A conflict such as the one between Russia and Ukraine makes the entire financial world vulnerable. It is often difficult to put into perspective the little importance of an investment portfolio in such uncertain times, but as an investor, it’s important to consider the additional risks that such an event might bring.
It is natural to be curious about how the Russia-Ukraine crisis could potentially impact your investment portfolio. And, you’re not alone many investors I speak to are worried about the vulnerable times and just want an impact it has had on the economy. Many investors are wondering how this geopolitical event could shake up the markets, especially for those who hold stocks and bonds not just with countries that have close ties to the countries, but markets across the entire world.
So how is investing going to impact different markets?
First things first, let’s talk about how the crisis is impacting emerging markets. As you may know, many emerging market economies are closely tied to commodity prices and the crisis has certainly caused disruptions in this area. Countries that are commodity producers, such as Australia, Canada, Latin America, and South Africa, may stand to benefit from higher commodity prices as a result of the loss of Russian supply to global markets. On the other hand, countries that have close economic ties to Russia, such as Belarus and Kazakhstan, may suffer as a result of Russia’s economic troubles.
Now, how does this all relate to your investment portfolio? Well, if you have holdings in companies that are tied to the commodities market or have operations in emerging markets, you may see some positive impact on your portfolio. However, if you have holdings in companies that do a significant amount of business in Russia or have large numbers of expatriate workers in the country, you may see a negative impact.
Another potential concern for investors is the potential for a broader contagion effect, as investors become more risk-averse and withdraw their investments from emerging markets. This could lead to a sharp decline in emerging market currencies, a rise in interest rates, and a decrease in economic growth. This is particularly true for countries that are heavily dependent on foreign investment, such as Turkey and South Africa. If your portfolio has holdings in companies in these countries, you may see a negative impact. In university, I took many international finance classes that spoke about contagion, the stories through history are ones not for the faint-hearted, quickly what seems like a key event for one country, or a small group of countries can quickly spread into many markets.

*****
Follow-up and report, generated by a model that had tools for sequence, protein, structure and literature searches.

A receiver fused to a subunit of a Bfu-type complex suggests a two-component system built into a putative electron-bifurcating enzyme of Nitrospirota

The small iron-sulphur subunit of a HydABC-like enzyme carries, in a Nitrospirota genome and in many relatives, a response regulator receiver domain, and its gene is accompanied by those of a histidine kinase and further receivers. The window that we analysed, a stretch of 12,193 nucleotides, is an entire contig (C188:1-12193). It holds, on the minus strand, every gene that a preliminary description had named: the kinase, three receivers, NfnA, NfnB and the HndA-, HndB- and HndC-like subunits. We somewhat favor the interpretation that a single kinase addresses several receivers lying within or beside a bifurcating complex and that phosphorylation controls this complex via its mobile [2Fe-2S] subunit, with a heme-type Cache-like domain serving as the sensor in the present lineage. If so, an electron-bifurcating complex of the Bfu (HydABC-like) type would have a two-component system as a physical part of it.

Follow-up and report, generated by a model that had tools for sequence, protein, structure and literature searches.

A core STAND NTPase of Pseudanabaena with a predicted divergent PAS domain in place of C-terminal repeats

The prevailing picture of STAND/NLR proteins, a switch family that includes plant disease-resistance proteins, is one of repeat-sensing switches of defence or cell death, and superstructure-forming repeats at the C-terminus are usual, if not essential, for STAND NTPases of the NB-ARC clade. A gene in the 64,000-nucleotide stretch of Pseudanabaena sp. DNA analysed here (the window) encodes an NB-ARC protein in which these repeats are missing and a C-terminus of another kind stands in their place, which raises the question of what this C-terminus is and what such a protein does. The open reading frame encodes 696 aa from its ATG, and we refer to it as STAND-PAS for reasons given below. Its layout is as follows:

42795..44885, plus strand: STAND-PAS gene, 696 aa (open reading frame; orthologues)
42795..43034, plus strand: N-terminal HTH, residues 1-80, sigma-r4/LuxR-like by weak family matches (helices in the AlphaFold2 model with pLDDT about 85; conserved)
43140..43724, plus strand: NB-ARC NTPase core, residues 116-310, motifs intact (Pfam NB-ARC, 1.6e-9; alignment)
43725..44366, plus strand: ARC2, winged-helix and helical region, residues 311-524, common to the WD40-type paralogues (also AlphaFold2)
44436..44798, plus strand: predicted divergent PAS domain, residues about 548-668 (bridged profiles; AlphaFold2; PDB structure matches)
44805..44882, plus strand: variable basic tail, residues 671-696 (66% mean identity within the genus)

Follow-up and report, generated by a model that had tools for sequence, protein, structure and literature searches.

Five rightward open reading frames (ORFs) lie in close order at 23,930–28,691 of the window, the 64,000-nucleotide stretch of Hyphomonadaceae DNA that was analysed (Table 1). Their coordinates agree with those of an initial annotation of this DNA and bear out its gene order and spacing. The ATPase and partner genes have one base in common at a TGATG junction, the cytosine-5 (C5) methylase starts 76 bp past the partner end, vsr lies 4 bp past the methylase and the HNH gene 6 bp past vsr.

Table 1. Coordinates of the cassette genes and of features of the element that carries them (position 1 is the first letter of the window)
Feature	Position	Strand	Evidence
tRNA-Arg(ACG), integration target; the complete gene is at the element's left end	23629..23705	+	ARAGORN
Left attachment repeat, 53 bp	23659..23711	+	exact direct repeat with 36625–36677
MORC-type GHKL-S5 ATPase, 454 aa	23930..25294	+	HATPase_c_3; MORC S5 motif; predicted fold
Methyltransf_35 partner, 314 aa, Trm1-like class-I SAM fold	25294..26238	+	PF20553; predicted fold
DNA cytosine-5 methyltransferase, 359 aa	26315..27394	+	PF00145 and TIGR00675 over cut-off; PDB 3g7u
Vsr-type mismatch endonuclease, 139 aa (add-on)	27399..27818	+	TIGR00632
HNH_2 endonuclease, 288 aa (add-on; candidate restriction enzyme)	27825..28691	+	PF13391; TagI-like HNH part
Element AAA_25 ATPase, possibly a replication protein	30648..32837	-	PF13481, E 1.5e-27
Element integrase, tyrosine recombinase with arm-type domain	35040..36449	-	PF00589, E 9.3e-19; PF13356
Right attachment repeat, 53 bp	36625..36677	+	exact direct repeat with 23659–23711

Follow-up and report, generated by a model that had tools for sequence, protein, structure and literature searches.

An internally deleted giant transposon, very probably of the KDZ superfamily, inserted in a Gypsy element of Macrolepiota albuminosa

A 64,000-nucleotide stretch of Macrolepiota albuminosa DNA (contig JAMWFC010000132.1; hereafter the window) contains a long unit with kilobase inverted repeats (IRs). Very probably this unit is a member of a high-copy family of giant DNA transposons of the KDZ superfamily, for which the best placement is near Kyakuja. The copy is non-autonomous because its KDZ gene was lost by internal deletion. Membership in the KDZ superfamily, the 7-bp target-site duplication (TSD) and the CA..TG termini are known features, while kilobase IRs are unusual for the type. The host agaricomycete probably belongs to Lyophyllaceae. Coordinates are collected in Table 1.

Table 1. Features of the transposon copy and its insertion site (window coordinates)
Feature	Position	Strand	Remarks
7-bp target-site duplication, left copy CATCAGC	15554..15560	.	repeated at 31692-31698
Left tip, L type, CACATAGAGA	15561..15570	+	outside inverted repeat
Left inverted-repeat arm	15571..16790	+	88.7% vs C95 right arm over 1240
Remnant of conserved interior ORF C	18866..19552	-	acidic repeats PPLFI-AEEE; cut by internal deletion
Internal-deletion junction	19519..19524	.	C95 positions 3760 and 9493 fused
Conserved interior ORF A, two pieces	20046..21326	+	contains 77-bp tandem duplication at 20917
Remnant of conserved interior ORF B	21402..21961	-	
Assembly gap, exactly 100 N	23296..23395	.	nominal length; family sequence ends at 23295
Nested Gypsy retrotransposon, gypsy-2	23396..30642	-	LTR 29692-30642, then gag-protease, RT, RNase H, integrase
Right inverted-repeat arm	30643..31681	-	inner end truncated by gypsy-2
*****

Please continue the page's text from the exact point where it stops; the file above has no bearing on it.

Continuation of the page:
Let’s think about what contagion is, in simple terms, it is the spread of a financial or economic crisis from one country or market to other countries or markets. Classic examples have been the Asian Crisis in the late 1990s, the Russian Financial crisis at a similar period and the 2008 financial crisis which quickly spread into different countries. Specifically, it occurs when a crisis in one country or market leads to a decline in the value of assets in other countries or markets, even if those countries or markets are not directly affected by the crisis. This can happen through a variety of channels, such as trade linkages, financial linkages, or a general increase in risk aversion among investors. Contagion can lead to a broader economic downturn, as countries and markets that were not initially affected by the crisis are dragged down by the actions of other countries or markets.
Now let’s think about the companies in the US and UK.
Additionally, if you have holdings in US or UK companies that do a significant amount of business in Russia or Ukraine, the crisis could negatively impact their revenue. Also, if the crisis escalates and results in a significant disruption of global trade routes, it could lead to a decline in global demand for goods and services, which would negatively impact the stock market in the US and UK and your portfolio may be affected.
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